Mother Burks’ Thrift Shop


While visiting my sister in Florida, I had the opportunity to visit Mother Burks. We met at the Publix and took the bus to her house. Which I was really happy to do…My sister drives everywhere and when I told her I wanted to take the city bus at least once, she screwed up her face as if she never even heard of New York and talked me out of it. It was the same reaction I had in Tennessee with my best friend, Ashley. Only this time, the turn out was much better.


The bus ride was short. There were not too many people on the bus. A guy friend who works for the bus company in Jacksonville, told me later that the bus I  took did not show the real side of Jacksonville.

‘If you want to see hood rats, you are riding the wrong bus. No one rides the express bus!’

‘Anthony, I never said I wanted to see hood rats’

He was talking so fast, he never heard me.

“You need to take a bus at the hub which is what I call, Hoodrat Utopia. It’s full with people  you would want to meet…Those people take the bus all day and never get off. It’s so hot outside, they use the bus as their cooling station.

I had a customer once, he got on the bus with a huge suitcase. He tried to walk right to the back without paying. When I told him he had to pay $1.50, he stopped right there in the front of the bus and emptied out all of his belongings. Socks and underwear were flying everywhere!

I have $1.50!! He kept saying. And sure enough, he came up with $1.50.

He sat in the back of the bus and began to make a lot of noise. When a customer asked him to be quite, he took out a sock and threw it right at the man’s face!

The hub buses would sure give you a good story!”

Maybe next time, I’ll visit the hub Anthony but this time, the express bus did the job.

After lunch with Mother Burks,  my sister came over to pick me up. But, Mother Burks had a surprise for us.

Put your shoes on, I want to show you my thrift shop!

Thrift shop?


She lead us to a big shed that looked like a barn and opened the wide, wooden doors. The entire transformation was very magical. It showed a transformation of Mother Burks. I always knew her to be wise and intelligent. I found it amazing and encouraging to see her  starting her own business, alone. It also showed a great transformation of her living space.

This is very nice Mother. My sister and I stood there for a while taking the view in.

Thanks. The saints down here helped me put it together.


It’s something I’ve always wanted to do. People donated a lot of the stuff to me and my son built the racks and helped me hang clothes in the ceiling. I couldn’t have done it without them.


Whose bicycle?

Mine! (My sister had donated a brand new bike)

How much is it going for Mother Burks?

Well, I haven’t really settled on the price.

Lystria, you don’t need a bike.

Yes, I do.

Where you gonna put it?

I have a place!

You don’t even remember how to ride it.

Yes, I do. Watch!

I rode it in the grass with them warning me not to go into the mud.


When I returned, all three of us struggled to place it back in the same spot.

Afterwards, Mother Burks spoke briefly about opening for business soon while I shopped for some skirts.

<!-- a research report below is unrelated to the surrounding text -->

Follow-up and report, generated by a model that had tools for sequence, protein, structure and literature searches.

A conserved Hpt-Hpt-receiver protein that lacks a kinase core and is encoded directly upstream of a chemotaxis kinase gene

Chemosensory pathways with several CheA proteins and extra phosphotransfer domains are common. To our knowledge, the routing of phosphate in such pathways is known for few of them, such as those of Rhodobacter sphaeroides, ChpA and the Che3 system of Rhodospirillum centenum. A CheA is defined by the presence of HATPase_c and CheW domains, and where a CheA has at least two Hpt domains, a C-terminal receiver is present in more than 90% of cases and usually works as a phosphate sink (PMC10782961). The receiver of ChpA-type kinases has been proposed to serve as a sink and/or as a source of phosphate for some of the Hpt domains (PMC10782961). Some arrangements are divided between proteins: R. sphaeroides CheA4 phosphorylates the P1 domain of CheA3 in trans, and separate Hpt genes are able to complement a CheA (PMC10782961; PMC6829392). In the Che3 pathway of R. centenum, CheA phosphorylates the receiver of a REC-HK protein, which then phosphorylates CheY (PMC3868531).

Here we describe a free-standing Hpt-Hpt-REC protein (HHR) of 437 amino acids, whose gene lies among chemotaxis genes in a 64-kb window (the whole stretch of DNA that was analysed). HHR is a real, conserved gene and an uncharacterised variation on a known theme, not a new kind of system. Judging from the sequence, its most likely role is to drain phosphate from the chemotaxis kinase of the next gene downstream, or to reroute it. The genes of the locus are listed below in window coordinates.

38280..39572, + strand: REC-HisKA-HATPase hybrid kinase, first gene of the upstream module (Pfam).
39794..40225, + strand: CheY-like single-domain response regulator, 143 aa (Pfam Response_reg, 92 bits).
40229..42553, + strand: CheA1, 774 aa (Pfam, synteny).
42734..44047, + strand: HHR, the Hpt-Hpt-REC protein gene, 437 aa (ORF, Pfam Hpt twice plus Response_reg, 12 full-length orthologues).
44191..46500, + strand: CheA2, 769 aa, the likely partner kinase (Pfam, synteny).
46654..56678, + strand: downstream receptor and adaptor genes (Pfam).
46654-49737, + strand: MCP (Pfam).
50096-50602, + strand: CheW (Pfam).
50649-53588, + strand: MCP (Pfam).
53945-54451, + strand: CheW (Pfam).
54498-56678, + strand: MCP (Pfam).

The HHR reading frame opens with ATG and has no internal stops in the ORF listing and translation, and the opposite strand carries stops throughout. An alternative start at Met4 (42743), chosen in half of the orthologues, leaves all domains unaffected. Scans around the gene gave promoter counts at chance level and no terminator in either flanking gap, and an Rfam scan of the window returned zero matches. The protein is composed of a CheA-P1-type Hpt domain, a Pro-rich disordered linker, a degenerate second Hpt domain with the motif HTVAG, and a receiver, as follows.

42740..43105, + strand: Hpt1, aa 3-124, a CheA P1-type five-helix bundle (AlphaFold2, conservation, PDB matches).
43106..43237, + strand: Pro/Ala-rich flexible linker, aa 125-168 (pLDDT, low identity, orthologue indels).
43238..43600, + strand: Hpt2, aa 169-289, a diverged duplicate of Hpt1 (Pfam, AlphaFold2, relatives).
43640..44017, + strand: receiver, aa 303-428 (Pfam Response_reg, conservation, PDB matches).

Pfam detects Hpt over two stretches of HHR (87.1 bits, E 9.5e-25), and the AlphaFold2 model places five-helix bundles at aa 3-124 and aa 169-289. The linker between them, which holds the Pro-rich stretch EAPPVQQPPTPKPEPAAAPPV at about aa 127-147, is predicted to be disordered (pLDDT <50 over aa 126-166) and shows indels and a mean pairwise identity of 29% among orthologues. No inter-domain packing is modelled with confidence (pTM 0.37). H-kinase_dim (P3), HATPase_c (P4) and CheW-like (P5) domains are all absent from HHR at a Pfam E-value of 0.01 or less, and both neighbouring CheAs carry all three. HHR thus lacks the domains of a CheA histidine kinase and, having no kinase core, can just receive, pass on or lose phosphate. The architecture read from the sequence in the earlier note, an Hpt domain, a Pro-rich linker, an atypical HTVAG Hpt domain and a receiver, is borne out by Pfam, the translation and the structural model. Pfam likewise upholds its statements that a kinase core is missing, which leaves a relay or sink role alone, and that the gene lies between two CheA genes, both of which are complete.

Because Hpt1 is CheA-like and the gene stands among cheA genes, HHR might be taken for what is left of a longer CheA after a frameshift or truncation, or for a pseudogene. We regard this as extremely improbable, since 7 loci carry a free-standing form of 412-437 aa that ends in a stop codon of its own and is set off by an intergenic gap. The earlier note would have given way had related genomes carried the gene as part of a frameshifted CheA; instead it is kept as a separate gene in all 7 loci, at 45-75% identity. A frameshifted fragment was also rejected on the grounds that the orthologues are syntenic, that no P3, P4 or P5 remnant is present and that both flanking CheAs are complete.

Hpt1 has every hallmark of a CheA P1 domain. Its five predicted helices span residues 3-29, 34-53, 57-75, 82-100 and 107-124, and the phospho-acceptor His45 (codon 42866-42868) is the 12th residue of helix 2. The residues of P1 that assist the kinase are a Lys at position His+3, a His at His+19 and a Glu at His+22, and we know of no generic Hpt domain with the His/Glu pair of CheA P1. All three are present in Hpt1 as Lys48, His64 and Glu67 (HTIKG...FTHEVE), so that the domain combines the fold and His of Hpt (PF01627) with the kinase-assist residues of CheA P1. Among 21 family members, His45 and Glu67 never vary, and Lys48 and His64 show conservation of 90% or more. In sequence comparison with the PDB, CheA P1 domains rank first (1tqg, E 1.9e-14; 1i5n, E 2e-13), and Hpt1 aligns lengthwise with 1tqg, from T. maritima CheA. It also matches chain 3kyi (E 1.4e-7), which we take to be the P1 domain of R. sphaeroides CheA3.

What I like most about her shop is, of course the items. It’s full of churchy stuff that I know saints would buy. Like the white hat pictured above. That hat was hand-made by someone in the church. You would never find it at a store!


Waiting for the Bus in Memphis

I woke up on Tuesday and decided I would take the bus across town. I had to plan carefully because my friend who drives everywhere was totally against my idea.

This is not New York. You don’t need to take the bus, I will drive you.

I know, but when you take the bus, you see a different side of the city!

We went back and forth and then I stopped talking about it.

I left her place to take the bus after she had went to work.

The bus stop did not have bus numbers so I  had to plan my trip to a tee: the time, the address and which stop to get off at. However, it did not work out as planned and in the end, I did not really know what bus I was waiting for. The only source of information that was found at the stop was the phone number to call the base, MATA, 910-523-8134, which I did call. But only got a recording.

Needless to say, the bus never came. NEVER. And, it started raining. I was standing at a bus stop without an umbrella nor a shelter.

What came were suspicious looking men driving their vehicles who offered to drive me. I had to say no or just act like I didn’t see them. And if they didn’t offer me a ride, they stared at me too long. While standing there I felt a feeling of embarrassment, like I was suppose to own a car. I felt really bad. A feeling I never feel in New York. I notice no one else was waiting for the bus. As a matter of fact, I looked around and saw very few people on the street (maybe because of the rain).

I made sure to make eye contact with very few people because every time I did, I felt humiliated. I wonder if people who can’t afford cars feel this way in Memphis? Yet, no one made fun of me or berated me. They just looked at me.

So, I started walking. I walked to the next stop and the next stop until I gave in and called my friend. I got to see another side of Memphis but I still want to take the city bus.